Consider avoiding gatherings of even 50-100 people. That might mean skipping a birthday party at the local laser tag arena or trampoline park. But, again, it’s in the child’s (and everyone’s) best interest until further notice.
Should you withhold court-ordered parenting time?
I’m a family law attorney. I deal with high-conflict situations daily. I understand the reality that we are discussing co-parenting because it’s a hot-button issue. For you, there was some form of a divorce or custody case, and we are navigating many different challenges. Communication is probably at the top of the list. Differing values may be a close second.
We are approaching Spring Break, and airplane travel is not recommended. Putting a child on a plane isn’t the best idea (and that’s putting it lightly). My advice to those parents who demand that the custodial parent put the child on a plane, regardless of the stellar health of all those in their household, is this: Think first before demanding your parenting time. What does it get you, other than a bill for lawyer fees? The answer: bad data. The courts will look back at this time and see how the parents acted. Did they prioritize their child’s health and well-being, or did they escalate the conflict? Did they try to collaboratively co-parent? Did they foster love and affection toward the other parent, or did they spew venom and bring their child into the dispute?
In-State or Local Parents:
What happens if you, as the primary residential/custodial parent, don’t feel comfortable with the hygiene plan/approach/belief system of the other parent who doesn’t share your concern about COVID-19?
My advice is to follow your instincts and communicate with the other parent. You can certainly engage your attorney, but that really should be the last resort. Don’t get pulled down into the negative space that you may have grown accustomed to and associate the other parent as the enemy. Empathy and a common focus on your true asset—your child—must be your priority. I get it, it’s easier said than done. Here are just a few examples of an extreme approach:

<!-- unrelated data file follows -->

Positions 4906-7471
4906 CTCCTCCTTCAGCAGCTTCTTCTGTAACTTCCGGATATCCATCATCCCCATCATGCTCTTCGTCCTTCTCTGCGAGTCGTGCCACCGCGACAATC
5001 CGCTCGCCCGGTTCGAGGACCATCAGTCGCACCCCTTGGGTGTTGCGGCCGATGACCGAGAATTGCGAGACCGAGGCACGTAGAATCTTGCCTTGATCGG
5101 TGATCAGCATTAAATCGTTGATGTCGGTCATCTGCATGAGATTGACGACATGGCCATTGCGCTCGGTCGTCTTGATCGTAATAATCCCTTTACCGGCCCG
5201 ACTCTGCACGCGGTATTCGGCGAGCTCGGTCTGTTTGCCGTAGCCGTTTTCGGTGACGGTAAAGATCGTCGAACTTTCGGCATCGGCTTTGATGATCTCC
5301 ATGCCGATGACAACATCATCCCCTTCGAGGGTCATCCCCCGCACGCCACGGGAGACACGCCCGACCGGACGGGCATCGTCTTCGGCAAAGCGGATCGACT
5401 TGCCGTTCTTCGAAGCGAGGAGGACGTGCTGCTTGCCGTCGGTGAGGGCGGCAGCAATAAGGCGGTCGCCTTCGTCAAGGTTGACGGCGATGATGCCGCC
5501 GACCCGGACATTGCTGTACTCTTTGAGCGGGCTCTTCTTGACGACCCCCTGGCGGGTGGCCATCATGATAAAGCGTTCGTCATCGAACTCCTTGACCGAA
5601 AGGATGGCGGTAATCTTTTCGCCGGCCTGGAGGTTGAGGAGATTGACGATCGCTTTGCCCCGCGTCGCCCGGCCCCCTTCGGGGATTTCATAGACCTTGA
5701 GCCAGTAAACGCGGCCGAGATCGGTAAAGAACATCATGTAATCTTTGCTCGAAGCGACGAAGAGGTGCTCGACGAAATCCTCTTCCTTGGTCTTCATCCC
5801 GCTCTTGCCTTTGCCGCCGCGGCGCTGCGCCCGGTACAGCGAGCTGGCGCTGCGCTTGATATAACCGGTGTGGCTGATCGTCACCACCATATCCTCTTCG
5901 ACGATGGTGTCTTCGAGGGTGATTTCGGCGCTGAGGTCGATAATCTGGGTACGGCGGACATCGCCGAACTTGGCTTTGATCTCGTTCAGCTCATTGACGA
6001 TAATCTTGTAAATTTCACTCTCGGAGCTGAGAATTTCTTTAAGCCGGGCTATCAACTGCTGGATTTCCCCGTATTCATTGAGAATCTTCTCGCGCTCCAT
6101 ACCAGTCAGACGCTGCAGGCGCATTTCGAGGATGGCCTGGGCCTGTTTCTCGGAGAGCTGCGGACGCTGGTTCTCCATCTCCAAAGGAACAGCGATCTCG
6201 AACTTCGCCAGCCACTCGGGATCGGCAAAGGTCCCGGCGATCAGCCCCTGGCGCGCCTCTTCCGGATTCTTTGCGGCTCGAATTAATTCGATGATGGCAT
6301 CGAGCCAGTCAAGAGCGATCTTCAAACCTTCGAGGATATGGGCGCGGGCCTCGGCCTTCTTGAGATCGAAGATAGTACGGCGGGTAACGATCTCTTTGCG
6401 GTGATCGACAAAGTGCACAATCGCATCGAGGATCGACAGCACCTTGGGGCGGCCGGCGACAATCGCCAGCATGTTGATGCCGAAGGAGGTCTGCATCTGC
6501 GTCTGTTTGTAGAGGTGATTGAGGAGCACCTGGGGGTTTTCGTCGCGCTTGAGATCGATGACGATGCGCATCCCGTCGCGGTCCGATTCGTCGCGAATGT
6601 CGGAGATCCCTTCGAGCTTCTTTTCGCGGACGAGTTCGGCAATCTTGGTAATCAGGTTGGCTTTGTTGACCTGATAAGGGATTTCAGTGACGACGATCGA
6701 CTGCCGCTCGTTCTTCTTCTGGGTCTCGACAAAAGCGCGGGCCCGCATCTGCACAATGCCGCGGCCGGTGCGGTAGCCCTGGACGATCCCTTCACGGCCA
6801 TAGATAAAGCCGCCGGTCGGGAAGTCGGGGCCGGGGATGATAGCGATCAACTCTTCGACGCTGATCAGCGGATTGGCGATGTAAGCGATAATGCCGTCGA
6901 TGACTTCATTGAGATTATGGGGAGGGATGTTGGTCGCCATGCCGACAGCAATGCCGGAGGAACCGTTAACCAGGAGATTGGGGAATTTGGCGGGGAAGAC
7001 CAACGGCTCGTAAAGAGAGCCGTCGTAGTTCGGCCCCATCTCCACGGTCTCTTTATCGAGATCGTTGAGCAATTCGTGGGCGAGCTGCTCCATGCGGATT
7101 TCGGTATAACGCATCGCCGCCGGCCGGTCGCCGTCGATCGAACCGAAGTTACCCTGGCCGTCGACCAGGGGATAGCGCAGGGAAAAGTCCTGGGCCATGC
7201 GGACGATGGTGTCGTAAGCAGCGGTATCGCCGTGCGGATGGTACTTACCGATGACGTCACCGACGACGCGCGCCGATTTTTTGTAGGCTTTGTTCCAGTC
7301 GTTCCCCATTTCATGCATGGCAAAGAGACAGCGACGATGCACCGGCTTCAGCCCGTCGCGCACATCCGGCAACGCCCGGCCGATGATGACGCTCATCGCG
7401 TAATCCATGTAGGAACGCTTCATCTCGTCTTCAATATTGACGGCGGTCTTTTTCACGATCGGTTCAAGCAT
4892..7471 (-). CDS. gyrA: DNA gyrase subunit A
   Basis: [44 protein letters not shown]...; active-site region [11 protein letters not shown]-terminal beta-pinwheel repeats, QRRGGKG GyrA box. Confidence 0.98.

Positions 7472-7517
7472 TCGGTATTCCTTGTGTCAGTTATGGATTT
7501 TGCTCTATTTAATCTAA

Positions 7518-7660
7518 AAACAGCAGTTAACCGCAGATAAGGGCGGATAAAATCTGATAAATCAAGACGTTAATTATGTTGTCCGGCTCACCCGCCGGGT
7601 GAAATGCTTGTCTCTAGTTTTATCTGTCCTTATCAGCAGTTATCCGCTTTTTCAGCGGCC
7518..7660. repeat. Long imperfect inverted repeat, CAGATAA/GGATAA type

- Mom withholds parenting time because Dad doesn’t promote using Purell.
- Dad won’t return the child to Mom, despite 50/50 parenting time, because Mom doesn’t think coronavirus is real.
- Mom won’t return the child to Dad because Dad’s new wife has her own 50/50 parenting time arrangement with her ex-husband, and her ex-husband just dropped their kids off after travel to Seattle.
We are hearing similar stories everyday. These are extreme times. The Boulder courts are limiting hearings to only essential (emergency) matters. I suspect other courts are soon to follow. Parents are the adults; two adults created a human life together. That life is the important focus right now. Get your mind and your focus right.
The courts are available for emergencies. Maybe Dad has planned a trip to Italy for Spring Break and won’t reconsider. Is that an emergency? We think so, but we cannot guarantee that the court will agree. But, that is just one tree in a full forest.
The better approach, especially right now, is emotionally intelligent parenting that prioritizes the health of your child. Take the high road as much as possible. Now is the time to: (1) stop making excuses, (2) get over whatever it is that makes it impossible to co-parent, and (3) start trying harder. Put everything in writing. Be your best self right now. And, keep good notes.